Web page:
ABA: Was there a benefit to getting all employees involved, as opposed to just frontline staff with actual sales experience?
Lemke: Absolutely. For example, in one of our markets, we have an ag portfolio manager who’s always talking about rates. When she was at home over the weekend, she had the opportunity to share rate information with friends, and was able to generate deposit dollars for us. We celebrated that because that business line is central to our brand’s story. The four founders of ICB were entrepreneurial businessmen who did ag lending—that story resonates across the bank.
We think it’s the job of everyone in the organization to share the brand’s story. The Deposit Dash was an opportunity to get that message out to all of our employees. We pride ourselves on the story we have to tell—it differentiates us from the other banks out there.
Wiegert: Just to be clear, we don’t ask non-sales staff to do any selling. They make the contacts and then give the referral to the front line staff, who then take it from there to do the selling. There were no hoops to jump through, no strings. We’re simply leveraging our relationships and presence in the community. The campaign sets out to educate. And then we build on that by delivering a good community bank experience to the customer.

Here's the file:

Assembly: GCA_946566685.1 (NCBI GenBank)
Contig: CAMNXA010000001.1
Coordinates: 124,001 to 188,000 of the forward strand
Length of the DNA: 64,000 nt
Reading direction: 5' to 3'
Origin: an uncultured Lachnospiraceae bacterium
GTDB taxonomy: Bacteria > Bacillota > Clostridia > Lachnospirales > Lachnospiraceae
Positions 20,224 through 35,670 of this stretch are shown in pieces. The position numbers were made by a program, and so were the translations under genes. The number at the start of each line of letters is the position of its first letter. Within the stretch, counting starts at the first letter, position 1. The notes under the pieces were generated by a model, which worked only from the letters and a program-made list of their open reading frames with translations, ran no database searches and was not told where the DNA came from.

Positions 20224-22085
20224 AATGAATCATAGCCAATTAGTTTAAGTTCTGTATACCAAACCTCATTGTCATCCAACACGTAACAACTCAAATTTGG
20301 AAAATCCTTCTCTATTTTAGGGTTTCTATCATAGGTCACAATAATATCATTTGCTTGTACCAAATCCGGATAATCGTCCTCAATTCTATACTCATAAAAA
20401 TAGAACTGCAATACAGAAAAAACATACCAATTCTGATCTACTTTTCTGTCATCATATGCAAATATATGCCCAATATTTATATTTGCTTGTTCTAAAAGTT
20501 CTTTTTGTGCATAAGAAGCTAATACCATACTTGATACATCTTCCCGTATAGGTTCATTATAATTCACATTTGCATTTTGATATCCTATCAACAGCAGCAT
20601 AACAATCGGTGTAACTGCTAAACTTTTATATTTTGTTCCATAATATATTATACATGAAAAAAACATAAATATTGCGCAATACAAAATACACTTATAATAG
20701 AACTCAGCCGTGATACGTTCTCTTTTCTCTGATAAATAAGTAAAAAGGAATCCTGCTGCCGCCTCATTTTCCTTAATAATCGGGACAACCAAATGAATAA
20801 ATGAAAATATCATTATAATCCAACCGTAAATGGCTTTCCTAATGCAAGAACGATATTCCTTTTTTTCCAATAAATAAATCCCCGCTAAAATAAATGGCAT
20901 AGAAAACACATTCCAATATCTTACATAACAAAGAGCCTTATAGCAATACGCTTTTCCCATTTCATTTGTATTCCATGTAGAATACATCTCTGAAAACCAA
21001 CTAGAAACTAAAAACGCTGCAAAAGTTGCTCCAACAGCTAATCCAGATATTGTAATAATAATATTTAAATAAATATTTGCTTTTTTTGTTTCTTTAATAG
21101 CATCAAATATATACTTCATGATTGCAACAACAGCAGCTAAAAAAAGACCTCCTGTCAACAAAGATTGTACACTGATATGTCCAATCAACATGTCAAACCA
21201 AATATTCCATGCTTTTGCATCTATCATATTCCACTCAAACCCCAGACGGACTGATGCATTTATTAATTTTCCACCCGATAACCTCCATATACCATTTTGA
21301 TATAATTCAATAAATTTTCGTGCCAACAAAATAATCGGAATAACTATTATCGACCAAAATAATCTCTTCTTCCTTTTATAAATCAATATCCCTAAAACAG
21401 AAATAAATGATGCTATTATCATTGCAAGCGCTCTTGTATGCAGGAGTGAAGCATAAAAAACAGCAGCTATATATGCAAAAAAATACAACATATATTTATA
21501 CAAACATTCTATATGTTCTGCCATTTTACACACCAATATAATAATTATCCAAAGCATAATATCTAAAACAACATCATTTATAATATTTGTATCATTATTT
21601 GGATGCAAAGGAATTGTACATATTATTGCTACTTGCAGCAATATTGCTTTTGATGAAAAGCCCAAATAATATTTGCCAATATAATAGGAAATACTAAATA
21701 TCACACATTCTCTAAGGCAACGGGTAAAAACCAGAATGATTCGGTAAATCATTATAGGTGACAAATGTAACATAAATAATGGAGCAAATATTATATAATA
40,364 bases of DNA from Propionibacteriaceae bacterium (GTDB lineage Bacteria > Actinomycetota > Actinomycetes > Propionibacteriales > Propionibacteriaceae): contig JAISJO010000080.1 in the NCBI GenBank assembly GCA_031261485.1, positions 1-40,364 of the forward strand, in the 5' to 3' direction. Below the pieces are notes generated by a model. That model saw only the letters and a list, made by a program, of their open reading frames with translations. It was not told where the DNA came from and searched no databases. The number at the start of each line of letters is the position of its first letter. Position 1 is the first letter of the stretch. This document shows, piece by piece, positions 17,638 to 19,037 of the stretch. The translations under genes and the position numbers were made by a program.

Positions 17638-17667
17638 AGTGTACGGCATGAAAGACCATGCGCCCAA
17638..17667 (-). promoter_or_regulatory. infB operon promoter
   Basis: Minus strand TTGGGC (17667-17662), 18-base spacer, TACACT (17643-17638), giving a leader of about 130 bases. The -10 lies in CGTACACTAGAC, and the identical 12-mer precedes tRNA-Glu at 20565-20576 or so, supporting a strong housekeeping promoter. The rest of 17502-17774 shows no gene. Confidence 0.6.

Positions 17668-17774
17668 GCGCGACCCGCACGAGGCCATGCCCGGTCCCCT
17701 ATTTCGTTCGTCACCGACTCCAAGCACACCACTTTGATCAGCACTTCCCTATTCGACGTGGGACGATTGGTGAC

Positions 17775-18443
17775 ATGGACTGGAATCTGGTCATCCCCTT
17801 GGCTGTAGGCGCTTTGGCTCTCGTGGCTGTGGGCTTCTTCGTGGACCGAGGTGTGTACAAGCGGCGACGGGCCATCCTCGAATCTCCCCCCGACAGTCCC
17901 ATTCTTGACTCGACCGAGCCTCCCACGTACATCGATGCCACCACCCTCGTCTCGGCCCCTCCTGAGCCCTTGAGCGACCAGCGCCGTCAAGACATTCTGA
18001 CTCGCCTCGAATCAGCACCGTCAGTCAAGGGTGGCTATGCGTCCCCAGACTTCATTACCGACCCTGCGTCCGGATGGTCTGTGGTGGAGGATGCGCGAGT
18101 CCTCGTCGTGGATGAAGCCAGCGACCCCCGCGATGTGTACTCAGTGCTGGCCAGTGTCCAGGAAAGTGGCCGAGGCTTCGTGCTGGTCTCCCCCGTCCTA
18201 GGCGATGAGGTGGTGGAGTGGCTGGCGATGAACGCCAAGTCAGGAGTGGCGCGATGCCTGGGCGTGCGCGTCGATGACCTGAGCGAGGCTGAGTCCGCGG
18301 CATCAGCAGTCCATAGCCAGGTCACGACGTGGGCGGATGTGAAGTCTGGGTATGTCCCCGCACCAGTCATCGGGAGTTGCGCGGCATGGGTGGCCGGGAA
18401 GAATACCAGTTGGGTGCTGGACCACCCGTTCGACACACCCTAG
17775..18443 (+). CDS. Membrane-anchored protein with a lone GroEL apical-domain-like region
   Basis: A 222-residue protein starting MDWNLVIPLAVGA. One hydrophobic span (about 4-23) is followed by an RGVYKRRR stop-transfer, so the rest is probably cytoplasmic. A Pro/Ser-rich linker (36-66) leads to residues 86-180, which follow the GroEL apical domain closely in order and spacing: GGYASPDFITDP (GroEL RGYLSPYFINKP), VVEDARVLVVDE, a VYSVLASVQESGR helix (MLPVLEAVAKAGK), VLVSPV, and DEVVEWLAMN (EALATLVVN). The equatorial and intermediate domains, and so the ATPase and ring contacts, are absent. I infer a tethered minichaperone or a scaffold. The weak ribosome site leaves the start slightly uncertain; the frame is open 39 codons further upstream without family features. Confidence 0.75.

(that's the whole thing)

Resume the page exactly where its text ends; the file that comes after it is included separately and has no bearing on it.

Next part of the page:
Lemke: The other important factor is that we’re a relationship bank. It’s a great tie-in to tap into the relationships that our employees have. The employees tell our story, talk us up, and then give the referral to the frontline staff. There’s no undue compliance risk because after the referral, the appropriate staff provides all the printed information with the required disclosures. All the stuff that normally has to happen is still happening.
ABA: Any advice for other banks thinking about doing something like this?
Wiegert: Make it fun. Each of our branches brainstormed and came up with its own team name. Then our marketing department designed a logo for each one—and created a race-themed tracker. At weekly meetings and via email, we gave reports on how each team was doing to keep them excited and engaged. We kept the information out there and kept dangling the incentives.
Lemke: Another piece of advice is to keep the timeline for the entire thing manageable. You don’t want it too short or too long. You want to make it long enough to work the referrals through the sales cycle. But if it’s too long, it can become cumbersome and lose momentum. Six weeks was a good amount of time.
Wiegert: If you have the right culture, then people get excited about the chance to contribute to a team effort. And the bulk of the organization wants to pitch in. Get people focused, excited, and engaged, then you’ll see the result.
A benefit to individual membership in the ABA Bank Marketing Network is the ability to converse through the ABA Bank Marketing Network Groupsite–a members-only discussion group. The thoughts expressed in this article reflect Groupsite responses to the question, “We have been doing internal branch [deposit]campaigns for years and want to try and do an all employee campaign. Has anyone accomplished this type of campaign with success?” Join in the discussion today.